Cy Twombly's Assets Targeted by Italian Authorities in Multimillion-Dollar Tax Evasion Case
Alessandro Twombly, the artist son of American painter Cy Twombly and the Italian Tatiana Franchetti, is embroiled in a series of turbid legal battles to determine the fate of the late artist's billion-dollar-plus estate. Reports in the Italian-language media paint a picture of charges as tangled as the lines in one of Twombly's famous canvases.
The Milan-based paper Corriere della Sera says that Italian authorities claim that the legendary painter, who died last year, evaded taxes on a cache of 40-odd paintings sold between 2005 and 2009 for some €80 million ($106 million). Last week, officials therefore ordered the seizure of "no less than" €29.2 million ($38.8 million) that was held in Cy Twombly's name in the Banca Popolare di Bergamo, charging his American advisors Ralph Ernest Lerner and Thomas Habib Saliba with aiding in the "fraudulent evasion" of taxes. Alessandro Twombly had, authorities say, attempted to transfer €3.8 million ($5 million) from the account to a trust controlled by the two men.
Alessandro has said that he believes that the taxes for the paintings had already been paid in America, and that he will fulfill any obligations to the Italian Ministry of Revenue as soon as he is in full possession of his inheritance. The artist's will, written under U.S. law, reportedly allocated the bulk of the elder Twombly's art and cash to the Cy Twombly Foundation of New York (the Web site FindTheBest.com lists Ralph Lerner as the Foundation's officer), leaving $150 million in cash to Alessandro. However, the Corriere della Sera article adds that Lerner and Saliba can only make the funds available to Alessandro once all taxes (U.S. and Italian) have been paid.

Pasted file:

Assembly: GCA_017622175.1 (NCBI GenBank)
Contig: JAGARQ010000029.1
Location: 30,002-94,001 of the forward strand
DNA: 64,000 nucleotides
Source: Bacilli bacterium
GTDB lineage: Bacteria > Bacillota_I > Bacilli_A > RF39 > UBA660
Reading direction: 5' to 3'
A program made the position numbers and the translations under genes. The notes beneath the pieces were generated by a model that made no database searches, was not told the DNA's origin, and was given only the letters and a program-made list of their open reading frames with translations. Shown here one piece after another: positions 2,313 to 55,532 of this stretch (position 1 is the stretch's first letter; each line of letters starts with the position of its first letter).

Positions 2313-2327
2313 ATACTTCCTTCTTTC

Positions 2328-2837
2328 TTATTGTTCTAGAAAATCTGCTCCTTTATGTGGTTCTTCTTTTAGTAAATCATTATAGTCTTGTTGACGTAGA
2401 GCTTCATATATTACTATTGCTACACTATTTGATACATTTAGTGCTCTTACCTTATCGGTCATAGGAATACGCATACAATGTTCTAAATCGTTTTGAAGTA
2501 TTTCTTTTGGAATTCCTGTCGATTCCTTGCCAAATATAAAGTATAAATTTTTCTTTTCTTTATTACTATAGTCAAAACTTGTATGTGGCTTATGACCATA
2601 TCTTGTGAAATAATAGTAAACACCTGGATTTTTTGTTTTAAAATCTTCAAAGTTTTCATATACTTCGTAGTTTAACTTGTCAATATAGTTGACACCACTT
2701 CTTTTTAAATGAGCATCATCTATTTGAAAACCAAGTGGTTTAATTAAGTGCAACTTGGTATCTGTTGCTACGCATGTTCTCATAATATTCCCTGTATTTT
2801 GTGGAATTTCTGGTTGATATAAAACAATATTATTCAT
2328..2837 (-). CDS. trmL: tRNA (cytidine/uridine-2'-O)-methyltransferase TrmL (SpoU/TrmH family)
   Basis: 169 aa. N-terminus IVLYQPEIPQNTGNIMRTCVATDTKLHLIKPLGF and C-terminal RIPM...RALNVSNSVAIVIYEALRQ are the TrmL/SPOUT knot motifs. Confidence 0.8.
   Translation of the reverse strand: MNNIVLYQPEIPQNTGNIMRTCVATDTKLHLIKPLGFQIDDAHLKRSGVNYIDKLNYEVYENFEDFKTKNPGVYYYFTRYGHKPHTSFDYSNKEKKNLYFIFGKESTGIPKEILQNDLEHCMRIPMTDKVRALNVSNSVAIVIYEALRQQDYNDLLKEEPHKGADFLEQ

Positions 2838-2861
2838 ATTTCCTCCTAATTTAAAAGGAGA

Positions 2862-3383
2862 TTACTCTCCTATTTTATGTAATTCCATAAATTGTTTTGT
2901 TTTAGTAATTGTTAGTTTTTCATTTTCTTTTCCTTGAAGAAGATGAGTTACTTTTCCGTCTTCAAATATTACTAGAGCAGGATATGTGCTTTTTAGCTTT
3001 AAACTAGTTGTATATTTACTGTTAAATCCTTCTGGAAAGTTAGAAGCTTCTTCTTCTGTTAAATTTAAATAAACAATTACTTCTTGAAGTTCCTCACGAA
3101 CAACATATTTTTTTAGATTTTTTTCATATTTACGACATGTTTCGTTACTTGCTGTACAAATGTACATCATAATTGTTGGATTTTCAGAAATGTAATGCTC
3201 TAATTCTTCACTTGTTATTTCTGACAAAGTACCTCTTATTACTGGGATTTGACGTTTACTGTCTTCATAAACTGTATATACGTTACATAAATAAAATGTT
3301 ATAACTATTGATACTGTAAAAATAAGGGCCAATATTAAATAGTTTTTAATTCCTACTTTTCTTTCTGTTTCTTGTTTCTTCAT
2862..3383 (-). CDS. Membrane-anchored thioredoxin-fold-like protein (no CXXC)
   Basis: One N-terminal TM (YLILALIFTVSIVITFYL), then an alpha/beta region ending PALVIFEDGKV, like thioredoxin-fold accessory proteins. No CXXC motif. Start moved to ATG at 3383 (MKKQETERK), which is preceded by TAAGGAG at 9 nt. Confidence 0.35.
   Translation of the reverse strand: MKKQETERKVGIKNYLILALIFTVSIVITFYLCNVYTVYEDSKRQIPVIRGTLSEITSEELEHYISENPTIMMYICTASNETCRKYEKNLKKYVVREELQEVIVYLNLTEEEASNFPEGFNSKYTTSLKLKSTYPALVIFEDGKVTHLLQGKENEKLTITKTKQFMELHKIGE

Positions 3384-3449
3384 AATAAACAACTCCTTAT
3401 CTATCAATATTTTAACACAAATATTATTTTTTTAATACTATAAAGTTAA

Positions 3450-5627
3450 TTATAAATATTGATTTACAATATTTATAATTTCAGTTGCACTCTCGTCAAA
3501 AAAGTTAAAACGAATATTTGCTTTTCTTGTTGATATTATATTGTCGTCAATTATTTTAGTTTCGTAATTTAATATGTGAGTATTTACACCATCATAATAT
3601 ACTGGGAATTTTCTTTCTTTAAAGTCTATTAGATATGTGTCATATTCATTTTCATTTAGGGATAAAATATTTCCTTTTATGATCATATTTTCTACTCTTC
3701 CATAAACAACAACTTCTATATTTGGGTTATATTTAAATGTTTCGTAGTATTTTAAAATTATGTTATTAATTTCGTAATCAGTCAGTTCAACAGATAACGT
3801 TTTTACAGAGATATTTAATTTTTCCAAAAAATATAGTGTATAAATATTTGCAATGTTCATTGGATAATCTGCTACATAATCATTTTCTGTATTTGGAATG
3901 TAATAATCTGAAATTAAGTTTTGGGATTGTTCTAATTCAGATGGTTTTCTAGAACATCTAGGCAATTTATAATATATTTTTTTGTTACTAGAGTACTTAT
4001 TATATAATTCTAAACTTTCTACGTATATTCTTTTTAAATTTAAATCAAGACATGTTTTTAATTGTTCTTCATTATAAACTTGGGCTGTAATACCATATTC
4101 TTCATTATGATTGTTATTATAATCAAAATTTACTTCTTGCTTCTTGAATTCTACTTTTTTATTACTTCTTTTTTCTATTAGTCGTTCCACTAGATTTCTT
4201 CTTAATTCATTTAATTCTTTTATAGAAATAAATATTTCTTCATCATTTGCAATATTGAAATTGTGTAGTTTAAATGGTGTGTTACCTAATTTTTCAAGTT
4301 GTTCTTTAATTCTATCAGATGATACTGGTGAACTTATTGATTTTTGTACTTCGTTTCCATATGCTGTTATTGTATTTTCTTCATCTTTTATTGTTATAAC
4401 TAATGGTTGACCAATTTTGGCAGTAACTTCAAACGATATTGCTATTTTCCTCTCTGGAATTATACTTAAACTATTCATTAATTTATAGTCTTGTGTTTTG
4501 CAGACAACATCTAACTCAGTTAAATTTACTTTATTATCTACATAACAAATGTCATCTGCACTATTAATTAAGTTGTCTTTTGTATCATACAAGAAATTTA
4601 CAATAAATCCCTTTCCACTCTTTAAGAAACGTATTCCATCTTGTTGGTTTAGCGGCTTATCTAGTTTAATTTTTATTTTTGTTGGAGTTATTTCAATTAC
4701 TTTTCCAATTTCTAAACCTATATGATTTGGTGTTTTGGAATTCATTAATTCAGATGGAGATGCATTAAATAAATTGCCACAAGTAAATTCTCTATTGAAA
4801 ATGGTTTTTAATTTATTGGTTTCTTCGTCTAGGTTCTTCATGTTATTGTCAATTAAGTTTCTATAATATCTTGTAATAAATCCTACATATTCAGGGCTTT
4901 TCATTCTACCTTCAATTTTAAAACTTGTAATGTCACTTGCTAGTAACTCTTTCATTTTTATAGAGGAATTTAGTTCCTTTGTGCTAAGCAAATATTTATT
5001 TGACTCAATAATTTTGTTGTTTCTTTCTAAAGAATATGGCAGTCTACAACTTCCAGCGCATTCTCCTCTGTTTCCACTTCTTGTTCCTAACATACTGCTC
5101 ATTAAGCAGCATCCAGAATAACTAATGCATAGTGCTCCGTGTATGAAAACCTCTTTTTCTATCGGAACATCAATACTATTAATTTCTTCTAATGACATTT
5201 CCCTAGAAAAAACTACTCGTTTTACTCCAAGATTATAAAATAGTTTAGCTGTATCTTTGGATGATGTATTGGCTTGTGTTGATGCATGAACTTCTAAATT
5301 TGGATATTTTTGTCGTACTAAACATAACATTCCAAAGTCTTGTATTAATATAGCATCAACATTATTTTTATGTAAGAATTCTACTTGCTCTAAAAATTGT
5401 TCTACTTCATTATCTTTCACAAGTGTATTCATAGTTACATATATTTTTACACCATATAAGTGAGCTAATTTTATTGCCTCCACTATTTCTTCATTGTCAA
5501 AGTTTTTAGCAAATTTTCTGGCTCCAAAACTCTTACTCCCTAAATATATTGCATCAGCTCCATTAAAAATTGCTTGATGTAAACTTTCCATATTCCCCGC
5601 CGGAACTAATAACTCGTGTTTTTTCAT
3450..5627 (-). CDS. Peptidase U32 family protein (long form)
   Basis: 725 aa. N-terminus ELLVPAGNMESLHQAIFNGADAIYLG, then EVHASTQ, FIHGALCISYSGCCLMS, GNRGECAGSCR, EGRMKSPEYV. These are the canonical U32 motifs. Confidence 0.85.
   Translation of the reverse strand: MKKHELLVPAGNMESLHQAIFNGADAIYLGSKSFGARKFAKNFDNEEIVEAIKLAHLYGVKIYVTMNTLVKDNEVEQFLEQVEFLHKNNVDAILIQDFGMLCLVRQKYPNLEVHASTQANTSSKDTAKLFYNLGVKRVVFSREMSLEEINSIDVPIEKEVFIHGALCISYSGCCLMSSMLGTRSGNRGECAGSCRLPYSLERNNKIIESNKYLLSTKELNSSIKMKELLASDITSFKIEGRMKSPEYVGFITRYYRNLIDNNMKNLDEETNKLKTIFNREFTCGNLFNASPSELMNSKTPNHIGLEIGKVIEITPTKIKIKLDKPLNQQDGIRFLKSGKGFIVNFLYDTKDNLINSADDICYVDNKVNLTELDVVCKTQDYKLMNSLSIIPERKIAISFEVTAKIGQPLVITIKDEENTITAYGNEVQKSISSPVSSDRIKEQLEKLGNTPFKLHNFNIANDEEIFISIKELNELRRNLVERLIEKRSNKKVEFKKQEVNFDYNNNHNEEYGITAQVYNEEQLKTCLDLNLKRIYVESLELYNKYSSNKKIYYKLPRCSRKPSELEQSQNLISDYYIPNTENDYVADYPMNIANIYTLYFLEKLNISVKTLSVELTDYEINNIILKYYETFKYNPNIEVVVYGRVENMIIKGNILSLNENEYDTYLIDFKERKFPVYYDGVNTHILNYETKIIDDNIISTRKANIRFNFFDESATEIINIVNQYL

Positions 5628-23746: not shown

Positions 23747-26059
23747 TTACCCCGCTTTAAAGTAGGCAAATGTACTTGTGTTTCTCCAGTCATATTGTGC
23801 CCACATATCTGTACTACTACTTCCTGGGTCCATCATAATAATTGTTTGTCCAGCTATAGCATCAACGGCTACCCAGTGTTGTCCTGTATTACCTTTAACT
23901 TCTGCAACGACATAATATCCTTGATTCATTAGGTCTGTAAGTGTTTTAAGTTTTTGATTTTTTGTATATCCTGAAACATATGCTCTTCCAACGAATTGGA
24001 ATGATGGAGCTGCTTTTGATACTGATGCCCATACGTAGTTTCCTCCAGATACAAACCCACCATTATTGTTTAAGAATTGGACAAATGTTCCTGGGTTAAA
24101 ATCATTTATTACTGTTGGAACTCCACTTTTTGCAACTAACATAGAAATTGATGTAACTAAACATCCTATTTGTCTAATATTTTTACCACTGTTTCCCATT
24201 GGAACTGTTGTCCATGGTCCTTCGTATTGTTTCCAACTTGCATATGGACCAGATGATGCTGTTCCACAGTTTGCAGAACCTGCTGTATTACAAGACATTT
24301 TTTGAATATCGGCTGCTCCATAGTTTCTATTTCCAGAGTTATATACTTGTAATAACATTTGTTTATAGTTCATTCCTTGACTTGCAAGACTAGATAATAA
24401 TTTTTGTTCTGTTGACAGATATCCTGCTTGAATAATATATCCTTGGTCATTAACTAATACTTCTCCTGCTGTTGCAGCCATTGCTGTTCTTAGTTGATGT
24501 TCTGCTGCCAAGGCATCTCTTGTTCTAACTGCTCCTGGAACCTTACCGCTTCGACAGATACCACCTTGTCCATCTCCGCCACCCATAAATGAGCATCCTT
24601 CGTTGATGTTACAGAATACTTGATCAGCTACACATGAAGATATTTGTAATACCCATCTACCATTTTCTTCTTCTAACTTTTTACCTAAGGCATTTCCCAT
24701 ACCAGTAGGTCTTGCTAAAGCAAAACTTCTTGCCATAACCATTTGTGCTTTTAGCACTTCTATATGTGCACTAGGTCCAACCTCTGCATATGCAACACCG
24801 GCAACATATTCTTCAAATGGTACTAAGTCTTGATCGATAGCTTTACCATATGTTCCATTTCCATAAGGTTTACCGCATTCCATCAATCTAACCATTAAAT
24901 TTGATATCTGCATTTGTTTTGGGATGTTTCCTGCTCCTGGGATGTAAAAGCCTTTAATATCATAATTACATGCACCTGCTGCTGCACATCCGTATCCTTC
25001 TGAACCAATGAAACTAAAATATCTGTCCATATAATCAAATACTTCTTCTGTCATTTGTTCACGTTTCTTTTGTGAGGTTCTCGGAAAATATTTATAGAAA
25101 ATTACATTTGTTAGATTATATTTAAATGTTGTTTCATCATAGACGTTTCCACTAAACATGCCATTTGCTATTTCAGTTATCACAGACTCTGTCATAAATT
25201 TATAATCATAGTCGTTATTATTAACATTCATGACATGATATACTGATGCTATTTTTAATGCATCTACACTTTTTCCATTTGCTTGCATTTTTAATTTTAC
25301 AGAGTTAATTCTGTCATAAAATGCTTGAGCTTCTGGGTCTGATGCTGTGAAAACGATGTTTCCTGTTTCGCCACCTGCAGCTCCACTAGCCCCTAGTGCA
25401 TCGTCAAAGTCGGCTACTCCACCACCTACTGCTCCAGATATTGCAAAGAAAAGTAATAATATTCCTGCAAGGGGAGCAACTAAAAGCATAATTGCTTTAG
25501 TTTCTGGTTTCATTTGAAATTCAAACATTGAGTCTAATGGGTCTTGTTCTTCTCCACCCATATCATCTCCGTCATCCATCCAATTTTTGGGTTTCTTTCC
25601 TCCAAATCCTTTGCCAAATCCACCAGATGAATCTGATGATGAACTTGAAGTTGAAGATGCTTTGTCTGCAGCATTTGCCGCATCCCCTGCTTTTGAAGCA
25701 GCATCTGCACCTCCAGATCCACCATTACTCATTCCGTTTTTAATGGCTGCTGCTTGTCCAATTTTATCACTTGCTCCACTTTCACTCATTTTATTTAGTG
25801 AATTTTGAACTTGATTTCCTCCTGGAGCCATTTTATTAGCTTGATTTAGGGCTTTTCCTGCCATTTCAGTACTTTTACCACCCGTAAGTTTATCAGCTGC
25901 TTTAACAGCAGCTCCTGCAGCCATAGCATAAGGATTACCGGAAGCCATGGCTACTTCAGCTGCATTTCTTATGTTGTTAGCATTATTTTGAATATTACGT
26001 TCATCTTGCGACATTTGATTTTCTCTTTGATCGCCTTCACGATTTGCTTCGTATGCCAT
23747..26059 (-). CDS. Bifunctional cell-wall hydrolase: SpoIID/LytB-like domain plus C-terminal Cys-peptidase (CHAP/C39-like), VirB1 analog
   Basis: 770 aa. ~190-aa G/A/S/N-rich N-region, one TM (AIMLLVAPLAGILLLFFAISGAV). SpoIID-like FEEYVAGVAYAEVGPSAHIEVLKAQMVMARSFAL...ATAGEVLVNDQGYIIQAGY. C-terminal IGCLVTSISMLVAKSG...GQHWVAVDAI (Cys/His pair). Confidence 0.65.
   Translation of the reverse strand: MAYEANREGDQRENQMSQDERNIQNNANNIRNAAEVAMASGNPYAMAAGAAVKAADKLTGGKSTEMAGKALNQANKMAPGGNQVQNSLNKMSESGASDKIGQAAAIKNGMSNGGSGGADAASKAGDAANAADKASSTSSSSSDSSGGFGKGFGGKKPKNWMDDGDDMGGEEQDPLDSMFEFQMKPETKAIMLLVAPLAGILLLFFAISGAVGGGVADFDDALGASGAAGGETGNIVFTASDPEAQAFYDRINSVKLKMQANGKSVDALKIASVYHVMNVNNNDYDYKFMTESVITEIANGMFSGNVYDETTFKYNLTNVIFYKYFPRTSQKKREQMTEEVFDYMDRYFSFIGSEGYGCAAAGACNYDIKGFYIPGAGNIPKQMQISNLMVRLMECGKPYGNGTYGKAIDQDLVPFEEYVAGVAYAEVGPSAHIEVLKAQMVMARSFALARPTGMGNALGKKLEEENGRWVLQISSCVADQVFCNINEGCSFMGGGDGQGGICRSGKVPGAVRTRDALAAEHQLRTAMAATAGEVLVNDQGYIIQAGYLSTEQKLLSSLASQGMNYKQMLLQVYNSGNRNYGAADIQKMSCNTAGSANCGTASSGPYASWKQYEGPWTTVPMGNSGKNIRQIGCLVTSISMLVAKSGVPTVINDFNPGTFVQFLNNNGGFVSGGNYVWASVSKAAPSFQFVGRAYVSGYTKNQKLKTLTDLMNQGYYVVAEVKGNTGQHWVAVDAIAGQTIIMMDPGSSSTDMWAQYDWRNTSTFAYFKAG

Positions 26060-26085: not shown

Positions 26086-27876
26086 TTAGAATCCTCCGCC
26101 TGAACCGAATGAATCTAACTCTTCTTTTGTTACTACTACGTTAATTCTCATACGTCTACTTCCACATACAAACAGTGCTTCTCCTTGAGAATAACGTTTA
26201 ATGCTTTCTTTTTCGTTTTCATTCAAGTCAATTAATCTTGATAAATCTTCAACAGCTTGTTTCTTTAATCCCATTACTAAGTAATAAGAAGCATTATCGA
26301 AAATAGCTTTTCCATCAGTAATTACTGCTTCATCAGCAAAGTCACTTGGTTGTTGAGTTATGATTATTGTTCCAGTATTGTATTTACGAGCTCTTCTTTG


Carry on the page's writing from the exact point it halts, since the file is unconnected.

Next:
Finally, in another dispute, the Italian press says that Alessandro is levying a separate claim on a group of paintings that he claims do not figure in the bequest as they were in the family's collection. What the exact truth of these various charges is not yet clear, but given the towering legacy — both artistic and financial — of Cy Twombly's art, the results are sure to make waves.